So where does that leave us on the question of judging based on age? Pretty much back with Dr. Henriques. If we esteem a couple too old or too young to play, we can reflect on our why — our motivations and drives in making the judgment. Perhaps, as Mr. & Mrs. Jones suggest in the most recent We Gotta Thing podcast, we are very new to the LS and it’s all terribly overwhelming, and adding a major age difference to all of the other intimidating factors is just too darned much right now. That doesn’t seem judgy to us. That seems like sane self-care, and something that can be re-evaluated down the road when we’re more experienced and comfortable.

Look for deal makers, not just deal breakers. [photo | Omar Medina]
Then again, maybe we are applying this criterion arbitrarily or in isolation. If all other things about a couple tell us “this is a go,” should age difference alone doom the deal? Should any one factor be a deal-breaker? This is what we mean when we ask, “Are we over-valuing something? Are we under-valuing something?” Being judgy has the potential to hurt others, but it could very well also hurt us by keeping us from meeting — and possibly playing with — amazing Lifestyle friends.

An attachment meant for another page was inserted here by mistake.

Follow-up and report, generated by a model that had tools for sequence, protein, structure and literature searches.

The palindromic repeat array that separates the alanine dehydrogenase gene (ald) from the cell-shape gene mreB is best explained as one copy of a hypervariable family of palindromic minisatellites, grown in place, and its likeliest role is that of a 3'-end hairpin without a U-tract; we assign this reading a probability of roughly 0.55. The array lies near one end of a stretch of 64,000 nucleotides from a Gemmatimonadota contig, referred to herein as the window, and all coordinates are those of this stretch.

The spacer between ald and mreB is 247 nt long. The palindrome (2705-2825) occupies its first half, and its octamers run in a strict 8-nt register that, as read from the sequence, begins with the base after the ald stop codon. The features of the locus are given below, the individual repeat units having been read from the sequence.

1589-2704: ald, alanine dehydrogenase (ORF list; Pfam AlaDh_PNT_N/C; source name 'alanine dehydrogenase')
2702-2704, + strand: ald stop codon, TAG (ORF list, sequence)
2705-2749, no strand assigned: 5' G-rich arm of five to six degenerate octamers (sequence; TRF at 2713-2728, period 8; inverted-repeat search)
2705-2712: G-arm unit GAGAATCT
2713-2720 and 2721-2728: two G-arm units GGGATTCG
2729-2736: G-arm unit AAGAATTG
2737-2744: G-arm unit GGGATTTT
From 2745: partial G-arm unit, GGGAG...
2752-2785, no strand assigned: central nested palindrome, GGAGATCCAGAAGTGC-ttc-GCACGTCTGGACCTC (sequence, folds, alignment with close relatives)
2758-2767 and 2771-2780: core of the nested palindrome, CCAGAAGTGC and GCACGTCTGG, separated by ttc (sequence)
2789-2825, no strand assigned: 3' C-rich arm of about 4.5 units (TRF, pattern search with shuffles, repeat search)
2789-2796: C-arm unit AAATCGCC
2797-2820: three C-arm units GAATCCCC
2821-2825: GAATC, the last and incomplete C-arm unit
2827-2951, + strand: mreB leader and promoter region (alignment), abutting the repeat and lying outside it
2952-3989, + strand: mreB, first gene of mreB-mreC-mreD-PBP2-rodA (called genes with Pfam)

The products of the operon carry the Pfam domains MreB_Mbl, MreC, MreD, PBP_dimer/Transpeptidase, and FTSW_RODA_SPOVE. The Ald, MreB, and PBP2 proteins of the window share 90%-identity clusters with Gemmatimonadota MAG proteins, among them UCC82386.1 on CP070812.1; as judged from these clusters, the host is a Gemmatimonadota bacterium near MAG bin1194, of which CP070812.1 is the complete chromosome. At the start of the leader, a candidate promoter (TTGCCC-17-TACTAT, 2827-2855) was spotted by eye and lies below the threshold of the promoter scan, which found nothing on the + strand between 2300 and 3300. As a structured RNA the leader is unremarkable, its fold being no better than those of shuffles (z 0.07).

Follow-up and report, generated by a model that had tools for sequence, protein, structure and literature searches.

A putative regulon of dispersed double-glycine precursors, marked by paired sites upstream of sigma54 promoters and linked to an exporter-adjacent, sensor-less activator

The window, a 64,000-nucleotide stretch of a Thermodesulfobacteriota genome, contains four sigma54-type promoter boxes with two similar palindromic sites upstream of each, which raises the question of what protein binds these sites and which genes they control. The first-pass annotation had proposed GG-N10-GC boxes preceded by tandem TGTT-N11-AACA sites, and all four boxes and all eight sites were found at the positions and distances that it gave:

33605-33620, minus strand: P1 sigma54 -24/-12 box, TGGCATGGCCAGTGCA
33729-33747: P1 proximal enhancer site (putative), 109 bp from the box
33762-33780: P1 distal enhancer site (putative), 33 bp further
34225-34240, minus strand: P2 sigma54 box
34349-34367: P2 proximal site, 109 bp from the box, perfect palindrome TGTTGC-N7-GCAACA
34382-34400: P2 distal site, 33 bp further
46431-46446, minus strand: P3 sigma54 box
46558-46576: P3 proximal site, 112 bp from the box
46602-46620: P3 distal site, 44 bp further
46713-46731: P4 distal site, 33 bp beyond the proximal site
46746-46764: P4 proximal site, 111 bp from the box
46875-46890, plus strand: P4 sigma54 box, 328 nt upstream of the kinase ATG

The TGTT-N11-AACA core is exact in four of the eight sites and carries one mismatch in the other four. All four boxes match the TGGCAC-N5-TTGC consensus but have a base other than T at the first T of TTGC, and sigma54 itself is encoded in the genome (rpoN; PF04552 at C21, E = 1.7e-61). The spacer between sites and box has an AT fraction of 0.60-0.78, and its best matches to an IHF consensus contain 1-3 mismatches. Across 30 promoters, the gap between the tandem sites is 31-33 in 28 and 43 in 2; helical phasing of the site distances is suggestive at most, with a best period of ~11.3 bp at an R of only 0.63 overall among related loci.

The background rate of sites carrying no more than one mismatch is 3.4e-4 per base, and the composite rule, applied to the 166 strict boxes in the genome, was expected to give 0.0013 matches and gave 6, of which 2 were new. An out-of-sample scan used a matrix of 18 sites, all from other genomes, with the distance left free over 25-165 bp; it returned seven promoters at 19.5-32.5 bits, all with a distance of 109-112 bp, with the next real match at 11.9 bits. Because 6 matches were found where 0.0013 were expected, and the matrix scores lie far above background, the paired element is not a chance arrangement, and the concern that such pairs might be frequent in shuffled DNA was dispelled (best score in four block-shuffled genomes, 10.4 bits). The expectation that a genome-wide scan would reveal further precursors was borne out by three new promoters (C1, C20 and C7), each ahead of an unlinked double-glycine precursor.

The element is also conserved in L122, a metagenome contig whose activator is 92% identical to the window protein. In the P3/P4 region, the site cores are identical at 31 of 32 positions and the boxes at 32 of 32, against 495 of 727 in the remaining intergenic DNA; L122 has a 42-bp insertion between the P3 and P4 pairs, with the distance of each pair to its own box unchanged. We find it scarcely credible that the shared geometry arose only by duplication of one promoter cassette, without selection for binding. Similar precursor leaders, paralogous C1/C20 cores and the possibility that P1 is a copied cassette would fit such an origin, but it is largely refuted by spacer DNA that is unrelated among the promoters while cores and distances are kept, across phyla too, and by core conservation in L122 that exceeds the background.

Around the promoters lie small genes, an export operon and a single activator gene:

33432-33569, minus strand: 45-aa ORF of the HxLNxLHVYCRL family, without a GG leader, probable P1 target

The solution  may lie in two things: being mindful of our motivations/drives when we make judgments, and cultivating within ourselves a habit of being “glass half full” sorts — of looking for all of the things that are right and exciting and attractive to us about a couple rather than focusing too narrowly on one or two things that may intimidate us because they push our comfort zones. After all, we didn’t join the lifestyle not to grow.

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featured photo | Bruce Mars